6. How much they helped others (philanthropic activities)
  7. How sexually active they were
  8. Economic status
  9. Group cohesiveness (how “tight” the girls in the sorority were)
  10. How frequently they were asked out on dates

In the questionnaire, the girls were asked to rank their own sorority and the other two in terms of how characteristic each of these dimensions were for the group. There responses could range on a 7 point scale, ranging from 0 – not at all characteristics to 7 – extremely characteristic.

For example, a question might look something like this:

Rank how characteristic this statement is of each of the sororities, including your own (A) and the two others (B and C):

  • Values studiousness and the girls take their academics seriously. 
    • Sorority A = 0 – 1 – 2 – 3 – 4 – 5 – 6 -7 (extremely characteristic)
    • Sorority B = 0 – 1 – 2 – 3 – 4 – 5 – 6 -7
    • Sorority C = 0 – 1 – 2 – 3 – 4 – 5 – 6 -7
  • Dress well and take pride in their appearance. 
    • Sorority A = 0 – 1 – 2 – 3 – 4 – 5 – 6 -7
    • Sorority B = 0 – 1 – 2 – 3 – 4 – 5 – 6 -7
    • Sorority C = 0 – 1 – 2 – 3 – 4 – 5 – 6 -7
  • Girls are frequently asked out on dates. 
    • Sorority A = 0 – 1 – 2 – 3 – 4 – 5 – 6 -7
    • Sorority B = 0 – 1 – 2 – 3 – 4 – 5 – 6 -7
    • Sorority C = 0 – 1 – 2 – 3 – 4 – 5 – 6 -7
  • Are generally considered by others to be very attractive. 
    • Sorority A = 0 – 1 – 2 – 3 – 4 – 5 – 6 -7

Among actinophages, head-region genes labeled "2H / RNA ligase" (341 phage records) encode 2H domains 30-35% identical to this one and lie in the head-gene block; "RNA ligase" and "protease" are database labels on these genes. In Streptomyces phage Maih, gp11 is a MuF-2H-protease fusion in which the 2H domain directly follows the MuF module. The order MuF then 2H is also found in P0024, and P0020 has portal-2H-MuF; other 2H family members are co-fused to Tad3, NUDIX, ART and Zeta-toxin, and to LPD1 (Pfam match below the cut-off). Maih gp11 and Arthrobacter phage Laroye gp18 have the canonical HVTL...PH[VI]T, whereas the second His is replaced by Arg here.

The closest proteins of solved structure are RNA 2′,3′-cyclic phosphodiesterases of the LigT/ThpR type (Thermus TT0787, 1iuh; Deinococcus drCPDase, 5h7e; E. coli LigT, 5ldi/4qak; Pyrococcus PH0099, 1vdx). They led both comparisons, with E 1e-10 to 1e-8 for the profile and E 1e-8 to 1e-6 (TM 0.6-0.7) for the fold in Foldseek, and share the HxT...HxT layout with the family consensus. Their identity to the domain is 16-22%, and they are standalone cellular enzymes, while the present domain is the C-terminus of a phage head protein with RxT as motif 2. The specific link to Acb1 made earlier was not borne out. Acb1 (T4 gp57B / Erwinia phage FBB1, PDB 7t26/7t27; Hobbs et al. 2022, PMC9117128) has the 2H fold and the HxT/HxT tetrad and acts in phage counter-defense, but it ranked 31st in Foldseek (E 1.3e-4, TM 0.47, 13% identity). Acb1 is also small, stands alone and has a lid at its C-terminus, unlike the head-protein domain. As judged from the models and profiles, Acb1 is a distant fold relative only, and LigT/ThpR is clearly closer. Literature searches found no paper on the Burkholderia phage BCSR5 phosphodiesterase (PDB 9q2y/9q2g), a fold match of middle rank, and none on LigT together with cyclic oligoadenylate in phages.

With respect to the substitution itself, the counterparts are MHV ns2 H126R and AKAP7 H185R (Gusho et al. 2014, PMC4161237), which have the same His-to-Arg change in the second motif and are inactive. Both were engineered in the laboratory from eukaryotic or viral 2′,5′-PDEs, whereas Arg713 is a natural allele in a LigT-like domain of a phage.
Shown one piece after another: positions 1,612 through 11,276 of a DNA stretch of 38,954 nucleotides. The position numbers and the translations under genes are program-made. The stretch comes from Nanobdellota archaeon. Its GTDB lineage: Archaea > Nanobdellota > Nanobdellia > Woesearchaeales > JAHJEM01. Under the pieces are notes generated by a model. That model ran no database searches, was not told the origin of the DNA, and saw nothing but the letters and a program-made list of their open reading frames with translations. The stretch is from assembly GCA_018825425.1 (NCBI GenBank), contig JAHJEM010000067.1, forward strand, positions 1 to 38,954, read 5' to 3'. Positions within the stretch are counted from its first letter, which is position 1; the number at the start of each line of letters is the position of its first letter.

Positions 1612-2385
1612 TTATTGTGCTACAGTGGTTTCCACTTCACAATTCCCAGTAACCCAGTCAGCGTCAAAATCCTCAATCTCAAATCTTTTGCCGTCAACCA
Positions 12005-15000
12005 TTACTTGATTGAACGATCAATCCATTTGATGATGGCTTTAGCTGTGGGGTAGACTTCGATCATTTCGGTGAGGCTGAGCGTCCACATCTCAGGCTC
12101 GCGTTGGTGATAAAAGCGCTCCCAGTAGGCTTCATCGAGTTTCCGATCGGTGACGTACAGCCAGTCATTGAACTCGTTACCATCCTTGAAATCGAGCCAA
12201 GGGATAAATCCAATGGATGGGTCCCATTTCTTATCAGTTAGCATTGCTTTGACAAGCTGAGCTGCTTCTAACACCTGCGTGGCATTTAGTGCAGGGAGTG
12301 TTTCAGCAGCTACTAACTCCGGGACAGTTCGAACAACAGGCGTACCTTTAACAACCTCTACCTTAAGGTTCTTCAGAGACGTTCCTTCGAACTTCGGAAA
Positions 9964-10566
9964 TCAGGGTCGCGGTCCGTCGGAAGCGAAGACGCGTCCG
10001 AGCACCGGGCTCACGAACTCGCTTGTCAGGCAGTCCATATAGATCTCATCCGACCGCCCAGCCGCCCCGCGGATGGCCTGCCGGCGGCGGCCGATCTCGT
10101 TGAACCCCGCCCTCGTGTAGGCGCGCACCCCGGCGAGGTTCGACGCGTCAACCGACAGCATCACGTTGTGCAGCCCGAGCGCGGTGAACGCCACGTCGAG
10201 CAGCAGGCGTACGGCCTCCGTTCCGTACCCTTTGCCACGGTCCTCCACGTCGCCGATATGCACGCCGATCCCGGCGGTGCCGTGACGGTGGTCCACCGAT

• Sorority B = 0 – 1 – 2 – 3 – 4 – 5 – 6 -7
    • Sorority C = 0 – 1 – 2 – 3 – 4 – 5 – 6 -7

etc.

Questions were asked for all ten dimensions and the results were compiled.

This first part of the experiment was to measure ethnocentrism: did the girls view their own sorority more positively than the others? The results showed that this was the case and these results will be discussed in more detail below.

To measure the out-group homogeneity effect, the girls were also asked to compare the intragroup similarity for each of these dimensions. That is to say, they were asked to  rank how similar to one-another the girls in each of the sororities were.

Here’s an example question:

“Consider only girls in sorority [A]. Using the following scale, how similar or dissimilar are the [As] to one another?” 

  • 0 – 1 – 2 – 3 – 4 – 5 – 6 – 7 – 8 – 9 (extremely similar)

The scale was a 9 point scale, ranging from 0 (extremely dissimilar) all the way to 9 =(extremely similar).

Results: Out-group Homogeneity

The results showed that girls in all three groups viewed their own sorority members as being more dissimilar than the other girls thought they were. In other words, they thought out-group members were more similar to one-another than their own in-group members were to each other. Thus, they were demonstrating the out-group homogeneity effect.